[SINGAPORE] In a move yesterday expected to pay off for both carriers, Singapore Airlines (SIA) and Air New Zealand are deepening ties in a partnership that will beef up capacity between the two countries while giving each airline access to specific destinations in the other's network.
SIA has been forging partnerships and alliances to stay ahead of the competition as it battles with sliding yields and tough competition from both the regional and cash-rich Gulf carriers. For Air NZ, this will enable it to relaunch flights to Singapore after it cut the city-state from its network in 2006, due to a lack of profitability.
SIA, which currently operates a daily service to Auckland using a smaller Boeing 777-300ER aircraft, will add more seats by swopping it for the jumbo Airbus A380 during peak season. In addition, Air NZ will launch daily flights between Auckland and Singapore with newly refitted B777-200ER planes by taking over five flights presently operated by SIA as well as introducing two more flights weekly.
This will effectively lift the total number of flights between Singapore and Auckland by the two carriers from 12 per week to 14 weekly, stepping up competition on the route which is also operated by airlines such as budget carrier Jetstar and Qantas.
SIA will also continue its daily Singapore-Christchurch service. In time, the two Star Alliance members are looking to raise their existing capacity between Singapore and New Zealand by up to 30 per cent year round - a signal of their confidence that the undertapped market can be stimulated for greater traffic flow, said SIA CEO Goh Choon Phong at the signing of the deal yesterday.
As part of the deal, the joint revenue sharing tie-up means that SIA's passengers will have access via codeshare travel to Air NZ's domestic network - where it has some 84 per cent market share - as well as selected international destinations, namely the Pacific Islands.
Similarly, the Kiwi carrier will be able to widen its reach to markets on SIA's network in Europe, India, South-east Asia and Africa, in addition to cities in the region served by SIA's sister carrier SilkAir.
Commenting on the strategy to boost capacity, Mr Goh said: "As we increase our collaboration with Air NZ, we have greater opportunities to talk about seamless scheduling, how we can sell together, how we can have a greater proposition for the public, the corporate travellers. This is enlarging the market. From that perspective, we strongly believe there is such a market and we can grow it."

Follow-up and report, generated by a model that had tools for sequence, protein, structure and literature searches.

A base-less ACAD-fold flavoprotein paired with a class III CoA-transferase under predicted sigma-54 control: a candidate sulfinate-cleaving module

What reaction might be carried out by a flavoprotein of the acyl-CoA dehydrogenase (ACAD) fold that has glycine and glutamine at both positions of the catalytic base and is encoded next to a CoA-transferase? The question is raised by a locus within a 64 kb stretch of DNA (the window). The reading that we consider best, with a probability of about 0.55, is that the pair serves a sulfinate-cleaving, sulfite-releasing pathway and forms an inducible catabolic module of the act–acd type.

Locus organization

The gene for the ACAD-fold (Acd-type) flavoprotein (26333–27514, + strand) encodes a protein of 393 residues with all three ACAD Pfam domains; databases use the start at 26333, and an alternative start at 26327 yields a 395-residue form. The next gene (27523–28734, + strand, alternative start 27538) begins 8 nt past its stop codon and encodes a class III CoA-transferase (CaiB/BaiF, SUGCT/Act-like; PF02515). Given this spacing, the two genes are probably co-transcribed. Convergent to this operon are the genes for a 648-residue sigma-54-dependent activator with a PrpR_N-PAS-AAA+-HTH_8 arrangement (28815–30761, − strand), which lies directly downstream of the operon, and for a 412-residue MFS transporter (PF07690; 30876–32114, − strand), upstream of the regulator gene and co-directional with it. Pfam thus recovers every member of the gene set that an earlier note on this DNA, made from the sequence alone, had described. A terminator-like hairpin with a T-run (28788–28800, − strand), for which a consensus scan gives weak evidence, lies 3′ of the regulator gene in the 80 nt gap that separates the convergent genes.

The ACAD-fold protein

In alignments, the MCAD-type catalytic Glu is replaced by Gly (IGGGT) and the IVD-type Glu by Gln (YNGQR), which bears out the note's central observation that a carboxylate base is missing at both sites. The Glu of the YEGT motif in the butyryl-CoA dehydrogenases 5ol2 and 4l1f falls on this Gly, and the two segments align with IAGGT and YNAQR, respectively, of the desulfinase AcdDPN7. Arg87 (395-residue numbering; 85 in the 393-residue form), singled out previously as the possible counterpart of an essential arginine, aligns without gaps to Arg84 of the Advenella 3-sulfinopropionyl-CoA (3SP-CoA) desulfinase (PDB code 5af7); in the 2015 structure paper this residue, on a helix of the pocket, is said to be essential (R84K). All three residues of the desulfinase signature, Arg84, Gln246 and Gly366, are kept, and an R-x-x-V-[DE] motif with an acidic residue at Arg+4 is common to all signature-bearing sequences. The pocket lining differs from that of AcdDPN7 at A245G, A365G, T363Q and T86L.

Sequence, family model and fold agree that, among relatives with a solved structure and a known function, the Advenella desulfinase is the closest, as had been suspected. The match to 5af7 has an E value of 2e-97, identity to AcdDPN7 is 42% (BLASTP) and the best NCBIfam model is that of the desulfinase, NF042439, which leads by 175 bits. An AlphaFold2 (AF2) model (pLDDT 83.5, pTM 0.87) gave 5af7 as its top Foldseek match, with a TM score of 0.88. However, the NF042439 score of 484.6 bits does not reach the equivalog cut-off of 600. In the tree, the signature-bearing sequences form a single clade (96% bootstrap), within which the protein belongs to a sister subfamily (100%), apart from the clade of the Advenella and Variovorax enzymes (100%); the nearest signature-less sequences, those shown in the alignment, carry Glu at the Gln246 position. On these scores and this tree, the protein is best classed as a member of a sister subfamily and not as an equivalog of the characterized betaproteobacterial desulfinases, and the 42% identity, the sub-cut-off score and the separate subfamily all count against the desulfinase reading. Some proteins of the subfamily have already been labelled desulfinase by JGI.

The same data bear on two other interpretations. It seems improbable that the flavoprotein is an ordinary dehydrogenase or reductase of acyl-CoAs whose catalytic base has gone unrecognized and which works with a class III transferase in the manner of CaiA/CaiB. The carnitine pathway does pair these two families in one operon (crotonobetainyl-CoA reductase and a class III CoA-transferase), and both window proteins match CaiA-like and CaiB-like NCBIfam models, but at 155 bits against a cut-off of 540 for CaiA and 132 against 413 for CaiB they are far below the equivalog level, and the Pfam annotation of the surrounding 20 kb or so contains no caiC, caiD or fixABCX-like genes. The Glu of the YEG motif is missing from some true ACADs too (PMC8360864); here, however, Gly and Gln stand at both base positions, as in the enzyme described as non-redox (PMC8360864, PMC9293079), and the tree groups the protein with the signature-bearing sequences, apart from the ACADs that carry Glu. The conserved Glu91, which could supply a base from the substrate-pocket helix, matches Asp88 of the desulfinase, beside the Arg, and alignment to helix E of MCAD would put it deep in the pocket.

SIA and Air NZ aim to launch the flights by December this year, assuming it gets the necessary approvals from the Competition Commission of Singapore and the New Zealand Minister of Transport.
Air NZ CEO Christopher Luxon added: "Air New Zealand is on a positive growth trajectory with a clear focus on Pacific Rim destinations. An alliance with SIA clearly fits our business objectives of working with the right partners in the right markets."
SIA and Air NZ have a history of their own as well, with the former previously holding a 25 per cent stake in the Kiwi carrier before it was diluted to 6.3 per cent after cash-strapped Air NZ received a government bailout. SIA sold the stake in 2004 at a loss.
CAPA - Centre for Aviation analyst Brendan Sobie said: "In terms of destinations, this is a huge boost for Air NZ and a small boost for SIA's network. But it's about thinking strategically, having closer partnerships (and) trying to compete in a competitive industry."
UOB-Kay Hian analyst K Ajith reckons SIA is eyeing greater outbound traffic from Singapore as passengers transit in the Republic, which could also strengthen Changi Airport's position as a hub.
The two carriers - which together with Abu Dhabi's Etihad are the three major shareholders in Virgin Australia (VA) - were also quick to point out that the stronger ties from the new alliance would have no bearing on their dealings with VA. All three shareholders raised their shareholdings in VA when the Brisbane-based carrier recently launched a A$350 million (S$397 million) capital-raising exercise, which could see them receiving seats on VA's board.
And unlike Air NZ's recent strategic agreement with Cathay Pacific for codeshare between Auckland and Hong Kong, that tie-up remains limited in scope to Hong Kong and China. The Kiwi carrier's alliance with SIA is one of its two centrepieces, the other being its partnership with VA, stressed Mr Luxon.
SIA, which has codeshare ties with some two dozen airlines, is also launching a joint-venture airline with India's Tata Sons this year.
SIA shares closed at $10.08 yesterday, down three cents.